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The opinions expressed in this article are the writer’s own and do not reflect the views of Her Campus.

You’ve probably heard the phrase “comparison is the thief of joy,” but what does that truly mean in the grand scheme of things? 

In the age of social media, it becomes increasingly hard to “stay in your own lane” and not compare yourself and your life to others. Seeing other people living the life you want to can cause feelings of envy, jealousy and unworthiness to arise. Despite this, it’s key to understand why comparing yourself is terrible for personal and professional growth.

Let’s get to the bottom of things: why do you compare yourself? As humans it is natural to compare yourself and hard to train yourself not to. It’s a conscious choice, and one that affects both your thinking process and your actions. Comparison often starts early in life; for many it may have started when you saw someone else have new shoes or clothes at school that you didn’t get or when your classmate had a better lunch than you. Although this action is very common and nearly unavoidable at first, it’s important to stop equating your life, possessions and progress to those around you. Here are four steps to get you started.

The first step is to understand that what you see is rarely what it appears to be. With the increasing influence of social media through the last decade, it’s becoming more difficult to decipher what’s real and what’s fake. While your peers seem to have everything together on Instagram, their private stories and real lives tell a different tale. Just as some people you know may not know your deepest darkest secrets, you also don’t know theirs. You never know what happens behind closed doors and if what you see is a façade or the truth. Regardless, this is all the more reason to spend that energy on your own growth and personal development.

Step two: learn to acknowledge and appreciate your own merits, strengths and abilities. It’s easy to compare yourself when you fail to acknowledge your worth, and we tend to hyper-focus on what we lack instead of what we possess. Maybe you’re extremely good at a sport, subject or a hobby. Maybe you aren’t good at those things, but shine in other areas like public speaking or serving others. Regardless of where or how you shine, everyone is good at something and not-so-good at something else. You can be anything but you can’t be everything. When you begin to focus inwards, you begin to better yourself and not worry about what others are doing or the different paths you may be on. You become hyper-focused on improving your qualities and upgrading yourself, ultimately leading you to your best self.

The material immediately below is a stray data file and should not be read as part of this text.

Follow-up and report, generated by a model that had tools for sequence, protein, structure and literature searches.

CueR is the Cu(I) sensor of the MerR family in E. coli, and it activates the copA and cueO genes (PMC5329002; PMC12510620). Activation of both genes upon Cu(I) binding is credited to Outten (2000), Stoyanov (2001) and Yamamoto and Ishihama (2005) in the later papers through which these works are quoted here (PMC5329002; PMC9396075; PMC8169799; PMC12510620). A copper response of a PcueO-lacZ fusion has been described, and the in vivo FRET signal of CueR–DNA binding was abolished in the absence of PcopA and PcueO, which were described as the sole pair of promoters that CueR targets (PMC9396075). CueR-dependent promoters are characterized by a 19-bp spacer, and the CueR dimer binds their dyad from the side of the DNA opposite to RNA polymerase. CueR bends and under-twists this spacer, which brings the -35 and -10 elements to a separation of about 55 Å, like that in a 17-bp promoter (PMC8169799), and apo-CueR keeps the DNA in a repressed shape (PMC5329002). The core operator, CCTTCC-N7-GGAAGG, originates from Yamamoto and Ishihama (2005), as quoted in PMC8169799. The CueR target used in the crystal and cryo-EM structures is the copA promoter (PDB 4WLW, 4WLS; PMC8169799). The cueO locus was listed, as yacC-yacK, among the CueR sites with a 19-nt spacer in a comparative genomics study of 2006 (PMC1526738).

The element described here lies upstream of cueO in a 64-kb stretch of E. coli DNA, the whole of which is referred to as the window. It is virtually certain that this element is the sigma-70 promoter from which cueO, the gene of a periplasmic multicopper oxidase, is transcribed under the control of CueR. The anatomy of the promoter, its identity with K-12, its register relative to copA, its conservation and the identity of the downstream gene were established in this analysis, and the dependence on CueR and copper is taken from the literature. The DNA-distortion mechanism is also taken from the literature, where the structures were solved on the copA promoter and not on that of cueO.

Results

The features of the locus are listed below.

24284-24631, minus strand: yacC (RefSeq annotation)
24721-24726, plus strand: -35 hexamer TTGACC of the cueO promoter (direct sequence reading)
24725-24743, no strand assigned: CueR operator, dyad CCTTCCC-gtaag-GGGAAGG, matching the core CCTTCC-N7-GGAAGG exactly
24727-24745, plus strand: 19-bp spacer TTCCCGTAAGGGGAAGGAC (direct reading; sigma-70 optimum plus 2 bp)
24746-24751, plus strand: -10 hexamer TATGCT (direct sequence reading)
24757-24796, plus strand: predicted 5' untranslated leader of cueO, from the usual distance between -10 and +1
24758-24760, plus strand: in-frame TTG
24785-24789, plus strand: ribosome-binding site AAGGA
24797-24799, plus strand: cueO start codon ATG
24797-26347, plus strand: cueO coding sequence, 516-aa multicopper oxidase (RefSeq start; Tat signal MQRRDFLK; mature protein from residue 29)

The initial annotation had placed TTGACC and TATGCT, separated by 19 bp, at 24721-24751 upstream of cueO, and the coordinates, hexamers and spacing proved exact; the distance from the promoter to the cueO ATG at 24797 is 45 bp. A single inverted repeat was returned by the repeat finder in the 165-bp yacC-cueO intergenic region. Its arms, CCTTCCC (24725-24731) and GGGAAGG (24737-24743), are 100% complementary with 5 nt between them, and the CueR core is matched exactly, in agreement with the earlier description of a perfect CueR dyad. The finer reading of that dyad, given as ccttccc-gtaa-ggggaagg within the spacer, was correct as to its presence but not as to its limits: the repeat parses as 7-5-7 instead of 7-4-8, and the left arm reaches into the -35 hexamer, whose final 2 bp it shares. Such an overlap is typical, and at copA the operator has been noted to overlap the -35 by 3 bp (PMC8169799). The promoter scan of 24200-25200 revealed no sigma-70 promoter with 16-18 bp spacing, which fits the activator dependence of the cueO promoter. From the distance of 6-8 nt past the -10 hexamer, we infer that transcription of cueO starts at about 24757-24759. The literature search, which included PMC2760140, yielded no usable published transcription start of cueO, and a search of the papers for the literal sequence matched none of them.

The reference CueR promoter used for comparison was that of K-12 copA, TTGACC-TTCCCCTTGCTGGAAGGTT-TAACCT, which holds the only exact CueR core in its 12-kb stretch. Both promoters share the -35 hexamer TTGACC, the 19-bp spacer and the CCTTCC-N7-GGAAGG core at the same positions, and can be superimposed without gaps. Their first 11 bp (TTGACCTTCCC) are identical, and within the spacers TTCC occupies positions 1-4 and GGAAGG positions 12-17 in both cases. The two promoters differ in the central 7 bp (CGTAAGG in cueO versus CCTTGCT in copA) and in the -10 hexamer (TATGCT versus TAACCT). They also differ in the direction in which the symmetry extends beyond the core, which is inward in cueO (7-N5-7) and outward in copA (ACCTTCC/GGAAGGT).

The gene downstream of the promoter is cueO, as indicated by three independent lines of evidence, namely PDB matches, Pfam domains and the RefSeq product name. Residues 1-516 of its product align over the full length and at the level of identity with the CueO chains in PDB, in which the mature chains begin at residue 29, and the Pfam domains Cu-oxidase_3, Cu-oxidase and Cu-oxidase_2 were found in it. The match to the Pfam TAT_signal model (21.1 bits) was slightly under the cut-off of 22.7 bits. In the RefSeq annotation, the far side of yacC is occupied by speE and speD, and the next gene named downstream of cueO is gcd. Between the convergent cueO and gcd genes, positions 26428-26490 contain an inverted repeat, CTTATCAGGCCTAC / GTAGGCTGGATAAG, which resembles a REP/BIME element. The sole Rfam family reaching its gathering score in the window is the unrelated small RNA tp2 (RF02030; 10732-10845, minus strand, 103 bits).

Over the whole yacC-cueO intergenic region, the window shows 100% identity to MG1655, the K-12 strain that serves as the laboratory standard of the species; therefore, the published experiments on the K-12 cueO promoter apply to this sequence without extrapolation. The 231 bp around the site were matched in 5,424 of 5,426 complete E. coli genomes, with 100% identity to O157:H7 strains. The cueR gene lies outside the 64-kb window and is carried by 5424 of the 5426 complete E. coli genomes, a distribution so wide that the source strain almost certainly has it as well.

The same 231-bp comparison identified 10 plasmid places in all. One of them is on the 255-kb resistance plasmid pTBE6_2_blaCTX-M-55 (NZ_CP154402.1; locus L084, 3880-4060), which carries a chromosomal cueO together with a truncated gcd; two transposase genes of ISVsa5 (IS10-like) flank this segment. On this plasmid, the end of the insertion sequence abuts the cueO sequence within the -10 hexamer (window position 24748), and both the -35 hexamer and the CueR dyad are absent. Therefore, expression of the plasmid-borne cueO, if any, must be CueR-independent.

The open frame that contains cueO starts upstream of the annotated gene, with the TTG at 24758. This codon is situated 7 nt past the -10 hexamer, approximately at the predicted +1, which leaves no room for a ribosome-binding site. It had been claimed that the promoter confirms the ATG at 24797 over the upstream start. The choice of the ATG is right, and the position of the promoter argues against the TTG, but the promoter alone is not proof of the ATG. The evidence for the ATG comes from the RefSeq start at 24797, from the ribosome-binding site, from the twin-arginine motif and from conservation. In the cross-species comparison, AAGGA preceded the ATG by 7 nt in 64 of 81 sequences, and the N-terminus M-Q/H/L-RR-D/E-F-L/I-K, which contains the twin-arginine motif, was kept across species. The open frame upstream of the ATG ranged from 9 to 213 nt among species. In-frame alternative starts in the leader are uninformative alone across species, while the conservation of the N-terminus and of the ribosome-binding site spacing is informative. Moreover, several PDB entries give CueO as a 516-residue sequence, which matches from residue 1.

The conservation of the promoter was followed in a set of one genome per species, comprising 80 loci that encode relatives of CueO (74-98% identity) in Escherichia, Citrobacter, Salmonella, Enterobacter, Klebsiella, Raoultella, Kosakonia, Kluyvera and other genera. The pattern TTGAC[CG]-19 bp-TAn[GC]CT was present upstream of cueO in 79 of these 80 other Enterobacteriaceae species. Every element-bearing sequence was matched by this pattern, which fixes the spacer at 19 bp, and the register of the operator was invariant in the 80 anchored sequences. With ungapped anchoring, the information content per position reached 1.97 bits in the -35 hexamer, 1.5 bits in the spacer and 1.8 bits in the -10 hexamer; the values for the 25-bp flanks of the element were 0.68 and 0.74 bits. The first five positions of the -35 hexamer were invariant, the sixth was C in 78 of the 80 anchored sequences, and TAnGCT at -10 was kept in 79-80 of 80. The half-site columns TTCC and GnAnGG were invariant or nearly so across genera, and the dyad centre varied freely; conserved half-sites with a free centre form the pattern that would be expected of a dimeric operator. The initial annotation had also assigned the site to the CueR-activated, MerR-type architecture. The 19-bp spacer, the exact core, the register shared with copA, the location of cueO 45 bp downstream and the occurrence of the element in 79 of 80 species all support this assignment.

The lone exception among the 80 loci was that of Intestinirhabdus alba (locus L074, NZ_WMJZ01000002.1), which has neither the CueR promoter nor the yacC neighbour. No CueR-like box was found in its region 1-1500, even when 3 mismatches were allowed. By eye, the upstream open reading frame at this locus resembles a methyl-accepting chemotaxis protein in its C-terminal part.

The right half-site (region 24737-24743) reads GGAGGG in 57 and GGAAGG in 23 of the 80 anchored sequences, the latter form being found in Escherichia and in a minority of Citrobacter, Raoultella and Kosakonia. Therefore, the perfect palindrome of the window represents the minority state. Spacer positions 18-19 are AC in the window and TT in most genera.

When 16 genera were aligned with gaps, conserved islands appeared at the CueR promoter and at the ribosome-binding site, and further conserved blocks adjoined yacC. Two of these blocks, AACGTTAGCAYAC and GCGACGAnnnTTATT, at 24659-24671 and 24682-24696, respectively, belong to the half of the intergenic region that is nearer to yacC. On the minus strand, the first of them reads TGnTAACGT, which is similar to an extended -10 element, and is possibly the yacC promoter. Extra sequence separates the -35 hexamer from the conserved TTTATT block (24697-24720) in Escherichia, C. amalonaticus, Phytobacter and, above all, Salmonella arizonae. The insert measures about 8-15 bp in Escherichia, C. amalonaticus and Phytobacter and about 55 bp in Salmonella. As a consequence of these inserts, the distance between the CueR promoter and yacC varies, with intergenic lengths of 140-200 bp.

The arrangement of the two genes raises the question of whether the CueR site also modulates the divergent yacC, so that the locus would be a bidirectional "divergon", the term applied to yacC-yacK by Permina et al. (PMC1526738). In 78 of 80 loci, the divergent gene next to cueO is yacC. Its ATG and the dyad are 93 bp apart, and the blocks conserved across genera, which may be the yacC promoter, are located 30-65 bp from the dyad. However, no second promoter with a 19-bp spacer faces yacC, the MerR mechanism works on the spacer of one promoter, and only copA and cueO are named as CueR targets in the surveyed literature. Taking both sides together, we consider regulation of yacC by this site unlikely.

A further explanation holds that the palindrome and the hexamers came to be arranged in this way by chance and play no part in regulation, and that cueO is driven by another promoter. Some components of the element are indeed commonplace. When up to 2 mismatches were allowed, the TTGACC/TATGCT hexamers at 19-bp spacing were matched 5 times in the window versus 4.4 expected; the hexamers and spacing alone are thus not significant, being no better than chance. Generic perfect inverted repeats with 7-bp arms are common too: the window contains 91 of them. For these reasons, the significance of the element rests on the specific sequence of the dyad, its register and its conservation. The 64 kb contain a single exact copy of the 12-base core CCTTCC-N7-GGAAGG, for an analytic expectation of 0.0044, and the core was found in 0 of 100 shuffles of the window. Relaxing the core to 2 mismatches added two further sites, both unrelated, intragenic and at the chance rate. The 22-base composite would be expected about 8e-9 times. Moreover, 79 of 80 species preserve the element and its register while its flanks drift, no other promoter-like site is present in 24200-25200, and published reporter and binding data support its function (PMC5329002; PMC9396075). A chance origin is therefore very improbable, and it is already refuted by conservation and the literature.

Number three: compete with yourself instead of others. Upon comparing yourself, it’s almost second nature to try and compete with them, whether consciously or subconsciously. This gets you nowhere. By competing with those around you, one fails to do themselves and their abilities justice, while also depriving others of the genuine support they deserve. Though feelings of insecurity and resentment are internal feelings, they often rub off onto the people around you in negative ways. Instead, compete with yourself. Look back at who you were and where you were weeks, months or even years ago and acknowledge your growth and development since then. Look back at your PRs in the gym, the improvement in your skin or your mindset. Finding ways to better yourself like this will allow you to appreciate your merits more.

The last and most important step to end comparison is to realize that you are the only one in your shoes. You are the only one that lives your life. You are the person who sees your progress mentally, physically, socially and emotionally. You are the only control panel to your machine called life, and only you can create your path.

Raquel Jones is a junior at VCU majoring in Interdisciplinary Science with a minor in General Business. She is passionate about writing, as well as issues surrounding black women, college students and women in general.You can typically find Raquel traveling, trying new foods, listening to the newest podcast or journaling.
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